A man with an income of fifteen million dollars a year at the height of his power, he had almost no savings and sometimes had to borrow money (Swanberg 88). What is “Citizen Kane” about? This is a thinly veiled account of the life of William Randolph Hearst. Welles’ masterpiece carefully exploits Hearst the same way Hearst’s papers exploited everyone else. By exploiting public interest in the life of the controversial Hearst Wells guarantees that he will have an audience and all the free publicity that a good controversy can generate. In the great tradition of yellow journalism it sacrifices the truth about Hearst for the sensational aspects of his story.
The film opens as Charles Foster Kane is uttering his last word “Rosebud”. Thus leaving historians and journalists with the task of attempting to discover what the significance of this is. From this point on our intrepid journalist will spend the rest of the film quizzing all of Kane’s former friends and employees in an atempt to find a way to explain the great man’s life. Ultimately “Citizen Kane” is a mystery story about one of life’s great mysteries, how the more you find out about someone the less you understand their character.
Just as the film begins with the camera penetrating mists, then passing through the barriers around the mysterious world of Xanadu, so it ends with the camera withdrawing until the mists cover the lens.This is a mighty exposition of American society and a devastating critique of the American Dream which, coming on the heals of the Great Depression found an audience that was all too aware of the shortcomings associated with a capitalistic free market enterprise system when it does not work. To a great extent the film is a contemporary version of Faust (a fact that was no doubt not lost on Hearst or Wells), the story of a man who gains the world and loses his soul in the process.Perhaps Orson Welles said it best himself “Citizen Kane” is, “a portrait of a public man’s private life.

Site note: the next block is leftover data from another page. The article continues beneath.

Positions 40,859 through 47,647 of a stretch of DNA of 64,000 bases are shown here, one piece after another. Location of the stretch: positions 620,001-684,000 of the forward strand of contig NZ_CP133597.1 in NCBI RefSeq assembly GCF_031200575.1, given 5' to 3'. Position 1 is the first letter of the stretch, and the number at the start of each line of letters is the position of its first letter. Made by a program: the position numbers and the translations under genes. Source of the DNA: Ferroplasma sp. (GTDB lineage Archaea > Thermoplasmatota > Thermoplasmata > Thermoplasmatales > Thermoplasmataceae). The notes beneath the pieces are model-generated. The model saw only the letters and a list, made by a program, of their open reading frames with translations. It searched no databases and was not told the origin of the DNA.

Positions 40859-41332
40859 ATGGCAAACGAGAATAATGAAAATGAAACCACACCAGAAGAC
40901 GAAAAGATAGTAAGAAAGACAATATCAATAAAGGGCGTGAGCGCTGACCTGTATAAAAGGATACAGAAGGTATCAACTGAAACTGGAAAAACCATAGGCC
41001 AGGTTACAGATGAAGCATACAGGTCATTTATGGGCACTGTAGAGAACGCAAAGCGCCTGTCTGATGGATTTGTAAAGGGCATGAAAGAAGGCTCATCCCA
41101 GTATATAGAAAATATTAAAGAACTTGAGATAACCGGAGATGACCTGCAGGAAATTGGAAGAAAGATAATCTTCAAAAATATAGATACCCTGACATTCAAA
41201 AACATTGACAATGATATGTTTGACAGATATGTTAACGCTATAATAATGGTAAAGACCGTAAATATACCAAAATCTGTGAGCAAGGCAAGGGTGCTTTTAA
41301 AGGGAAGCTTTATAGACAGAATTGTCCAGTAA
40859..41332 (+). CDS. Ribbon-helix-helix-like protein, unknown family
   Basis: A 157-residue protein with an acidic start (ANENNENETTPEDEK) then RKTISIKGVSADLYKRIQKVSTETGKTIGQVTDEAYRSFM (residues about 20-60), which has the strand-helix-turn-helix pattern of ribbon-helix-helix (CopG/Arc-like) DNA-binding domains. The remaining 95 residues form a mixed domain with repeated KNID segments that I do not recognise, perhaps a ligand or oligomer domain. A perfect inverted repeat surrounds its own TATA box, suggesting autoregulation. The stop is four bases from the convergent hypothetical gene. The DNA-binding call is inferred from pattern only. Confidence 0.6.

” Hollywood legend has it that Louis B. Mayer offered to reimburse RKO for the entire cost of the picture if they would agree to destroy the film and all of its negatives. Indeed,stories abound that Hearst ordered his subordinates to do anything and every thing to suppress the film’s release. RKO, with a bit of skillful manipulation on the part of Welles, wisely refused. The newsreel sequence that is a satire on “The March Of Time” were achieved by rubbing the negative with sand to effect an aged look.The Making of a PersonalityCitizen Kane is a study of the personality of Charles Foster Kane seen not through his own eyes, but through those of the people closest to him. We learn about Kane from Mr.
Thatcher, his bank guardian; Mr. Bernstein, the business manger; Jedediah Leland, his closest friend and drama critic; Susan Alexander, his second wife; and Raymond, the head steward at the Xanadu palace. The use of flashback memories in this narrative style biography not only gives five completely different perspectives of Kane but reestablishes the fact that no one person truly understands anyone else.
The narratives combined with the deep focus flashbacks allow the viewer a more complete understanding of the man with a deeper insight about how issues regarding society, current events, love, and media can affect the inner life of an individual. Only the viewer, and what he sees in the last minute of the film, is able to draw a more concise conclusion of who and what Charles Kane represents and how and why he became the man he did.The opening scene shows Charles Foster Kane – rich, alone, and unloved – awaiting the inescapable hand of death.